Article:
In a highly stimulating essay in a recent issue of the British journal Theology, my friend Richard Briggs, an Anglican priest who teaches Old Testament at Cranmer Hall in Durham, notes some of the ironies of current Anglican seminary education. Specifically, he focuses on biblical studies, his own discipline.

Much of the shape of Anglican seminary curricula, he contends, is shaped by the historical-critical project rather than by the particular questions raised by Anglican ministry itself. So, for instance, the classic “higher critical” Protestant reading of the development of the Old Testament — that the dynamic genius of Israel’s prophetic tradition hardened into the legalism of the priests and Levites, thus neatly inverting the canonical ordering of law and prophets — continues to impact even many Anglican seminaries’ approaches to teaching the Bible. Priority is given to the gospel-oriented book of Isaiah, for example, while the legal code is given comparatively short shrift. Briggs comments:

From within my own Anglican context, what is most striking is that the substance of the conceptualities of priesthood and sacrifice is largely obscured when the agenda is set by the post-Wellhausen low-Protestant reconstruction. Priesthood becomes a puzzle open to historical reconstruction, but the significance of what priesthood actually is and how it might operate between God and humanity is given almost no attention. If biblical studies in Anglican formation were driven by questions arising from reflection upon the practice of ordained ministry, it is hard to imagine that such issues would be left on the margins or handled in this history-of-religion manner.

Because I teach New Testament at an Episcopal/Anglican seminary myself, I was especially intrigued by Briggs’ similar diagnosis of how the more recent Testament fares too. He writes:


[T]he texts that occupy academic biblical studies [in the department of New Testament] are the great Pauline letters (especially Romans, 1 Corinthians, Galatians) and the four Gospels. Even if these texts do not form a canon within the canon, the issues they raise (atonement, justification, the teaching of Jesus…) fill the syllabus. There is no criticism here that such topics do not deserve their place: they are surely key for any serious Christian study of the Bible in dialogue with the claims of Christian faith. But again, they reflect an agenda (or set of agendas) driven with little specific regard to the formative influence of teaching within particular ecclesiological settings.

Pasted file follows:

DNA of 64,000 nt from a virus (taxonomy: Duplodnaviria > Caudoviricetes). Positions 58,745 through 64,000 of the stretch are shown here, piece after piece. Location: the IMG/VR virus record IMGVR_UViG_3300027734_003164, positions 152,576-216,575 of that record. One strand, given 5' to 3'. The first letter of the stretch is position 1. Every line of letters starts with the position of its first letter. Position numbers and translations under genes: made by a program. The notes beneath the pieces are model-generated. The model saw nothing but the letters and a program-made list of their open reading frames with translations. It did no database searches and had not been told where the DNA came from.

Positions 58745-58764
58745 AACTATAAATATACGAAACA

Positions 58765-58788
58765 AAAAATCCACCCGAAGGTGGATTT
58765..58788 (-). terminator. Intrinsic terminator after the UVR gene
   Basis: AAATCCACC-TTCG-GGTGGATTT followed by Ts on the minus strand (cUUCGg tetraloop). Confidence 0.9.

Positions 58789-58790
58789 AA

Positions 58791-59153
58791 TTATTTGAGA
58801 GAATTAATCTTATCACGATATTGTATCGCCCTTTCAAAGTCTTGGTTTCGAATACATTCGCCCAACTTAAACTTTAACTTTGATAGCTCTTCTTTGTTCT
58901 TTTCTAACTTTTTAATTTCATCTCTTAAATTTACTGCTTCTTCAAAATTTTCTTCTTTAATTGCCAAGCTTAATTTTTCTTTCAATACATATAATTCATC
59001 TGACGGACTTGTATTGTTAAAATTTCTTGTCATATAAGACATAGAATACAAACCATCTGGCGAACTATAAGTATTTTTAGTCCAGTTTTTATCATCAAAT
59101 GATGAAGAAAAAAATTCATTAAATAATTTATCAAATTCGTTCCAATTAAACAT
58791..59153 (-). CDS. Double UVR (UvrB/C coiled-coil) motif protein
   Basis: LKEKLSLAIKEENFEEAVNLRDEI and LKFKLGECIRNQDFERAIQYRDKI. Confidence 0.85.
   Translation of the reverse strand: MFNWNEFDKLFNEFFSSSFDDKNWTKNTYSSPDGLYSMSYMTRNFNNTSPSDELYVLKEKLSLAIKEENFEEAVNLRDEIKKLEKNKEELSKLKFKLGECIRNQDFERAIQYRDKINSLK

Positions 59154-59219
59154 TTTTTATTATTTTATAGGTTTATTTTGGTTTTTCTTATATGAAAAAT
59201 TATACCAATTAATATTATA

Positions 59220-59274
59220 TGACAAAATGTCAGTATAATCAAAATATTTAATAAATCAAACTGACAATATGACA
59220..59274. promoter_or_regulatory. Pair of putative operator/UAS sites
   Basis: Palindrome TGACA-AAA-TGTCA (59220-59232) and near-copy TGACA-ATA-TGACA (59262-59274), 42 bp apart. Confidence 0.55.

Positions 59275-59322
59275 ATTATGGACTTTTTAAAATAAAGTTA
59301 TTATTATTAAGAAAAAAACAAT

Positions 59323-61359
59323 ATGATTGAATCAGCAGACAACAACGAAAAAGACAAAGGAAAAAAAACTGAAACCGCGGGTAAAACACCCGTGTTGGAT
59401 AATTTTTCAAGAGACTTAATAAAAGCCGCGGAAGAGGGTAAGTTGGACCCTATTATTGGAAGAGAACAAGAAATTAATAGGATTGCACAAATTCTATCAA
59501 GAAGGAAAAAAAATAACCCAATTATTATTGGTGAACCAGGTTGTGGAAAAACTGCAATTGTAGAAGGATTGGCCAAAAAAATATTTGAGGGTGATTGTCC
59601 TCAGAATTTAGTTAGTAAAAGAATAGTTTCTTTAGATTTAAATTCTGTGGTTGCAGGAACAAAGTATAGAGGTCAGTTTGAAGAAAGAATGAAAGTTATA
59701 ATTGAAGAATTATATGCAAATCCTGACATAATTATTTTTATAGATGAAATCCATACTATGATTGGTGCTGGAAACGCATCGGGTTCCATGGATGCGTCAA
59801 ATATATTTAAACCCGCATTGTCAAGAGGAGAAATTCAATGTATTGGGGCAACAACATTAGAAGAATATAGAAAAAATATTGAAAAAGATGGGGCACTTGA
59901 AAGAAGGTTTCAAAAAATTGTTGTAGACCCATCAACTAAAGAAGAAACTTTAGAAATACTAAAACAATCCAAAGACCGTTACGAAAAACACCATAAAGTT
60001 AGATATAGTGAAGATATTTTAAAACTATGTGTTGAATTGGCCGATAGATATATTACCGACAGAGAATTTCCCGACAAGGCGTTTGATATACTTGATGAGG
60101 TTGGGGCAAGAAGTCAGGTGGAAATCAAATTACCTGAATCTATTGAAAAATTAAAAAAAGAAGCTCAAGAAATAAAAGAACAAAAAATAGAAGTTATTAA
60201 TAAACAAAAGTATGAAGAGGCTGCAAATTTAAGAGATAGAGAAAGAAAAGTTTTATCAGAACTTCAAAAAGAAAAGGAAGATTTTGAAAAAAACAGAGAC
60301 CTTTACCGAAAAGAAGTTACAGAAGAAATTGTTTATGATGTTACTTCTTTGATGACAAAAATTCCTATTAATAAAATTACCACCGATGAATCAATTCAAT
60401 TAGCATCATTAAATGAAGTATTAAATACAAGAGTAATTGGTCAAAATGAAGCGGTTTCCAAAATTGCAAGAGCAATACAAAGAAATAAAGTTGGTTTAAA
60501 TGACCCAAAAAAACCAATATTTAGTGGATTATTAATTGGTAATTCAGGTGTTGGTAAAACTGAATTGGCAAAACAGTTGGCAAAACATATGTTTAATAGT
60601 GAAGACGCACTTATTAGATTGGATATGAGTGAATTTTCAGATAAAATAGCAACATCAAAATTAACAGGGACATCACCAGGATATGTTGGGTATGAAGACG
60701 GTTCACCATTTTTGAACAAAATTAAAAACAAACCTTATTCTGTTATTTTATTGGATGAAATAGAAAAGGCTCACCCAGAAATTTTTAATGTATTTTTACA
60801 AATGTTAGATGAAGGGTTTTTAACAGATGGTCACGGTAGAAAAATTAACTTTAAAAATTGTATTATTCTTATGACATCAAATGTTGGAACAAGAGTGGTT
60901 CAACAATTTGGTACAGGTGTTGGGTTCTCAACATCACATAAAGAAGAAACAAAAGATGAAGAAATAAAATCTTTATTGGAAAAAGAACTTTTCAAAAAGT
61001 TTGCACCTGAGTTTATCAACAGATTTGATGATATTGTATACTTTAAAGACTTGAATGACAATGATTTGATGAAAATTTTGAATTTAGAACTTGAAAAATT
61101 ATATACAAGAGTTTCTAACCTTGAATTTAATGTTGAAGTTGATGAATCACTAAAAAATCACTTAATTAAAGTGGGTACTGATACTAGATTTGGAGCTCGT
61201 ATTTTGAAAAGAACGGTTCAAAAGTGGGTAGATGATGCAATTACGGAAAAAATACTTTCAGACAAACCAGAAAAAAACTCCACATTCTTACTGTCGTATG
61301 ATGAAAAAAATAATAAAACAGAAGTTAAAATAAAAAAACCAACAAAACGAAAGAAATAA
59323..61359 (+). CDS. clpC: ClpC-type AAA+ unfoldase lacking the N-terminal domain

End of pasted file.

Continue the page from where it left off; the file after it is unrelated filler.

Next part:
Briggs goes on to comment that if Anglican educators took their cues from the basic question, What kind of formation might Anglican ordinands need in order to be faithful in their future ordained ministries?, the curriculum might be shaped otherwise than how it currently is.

[T]he questions generated by Anglican concerns about the significance of ecclesiology should make a difference in practice as to how the priorities of New Testament study are chosen …. [A]n approach by way of the Pastoral Epistles and their concerns with the appropriate character of the episkopos, the presbuteros and the diakonos should commend itself as least as much as an approach by way of Pauline views of justification or Johannine Christology.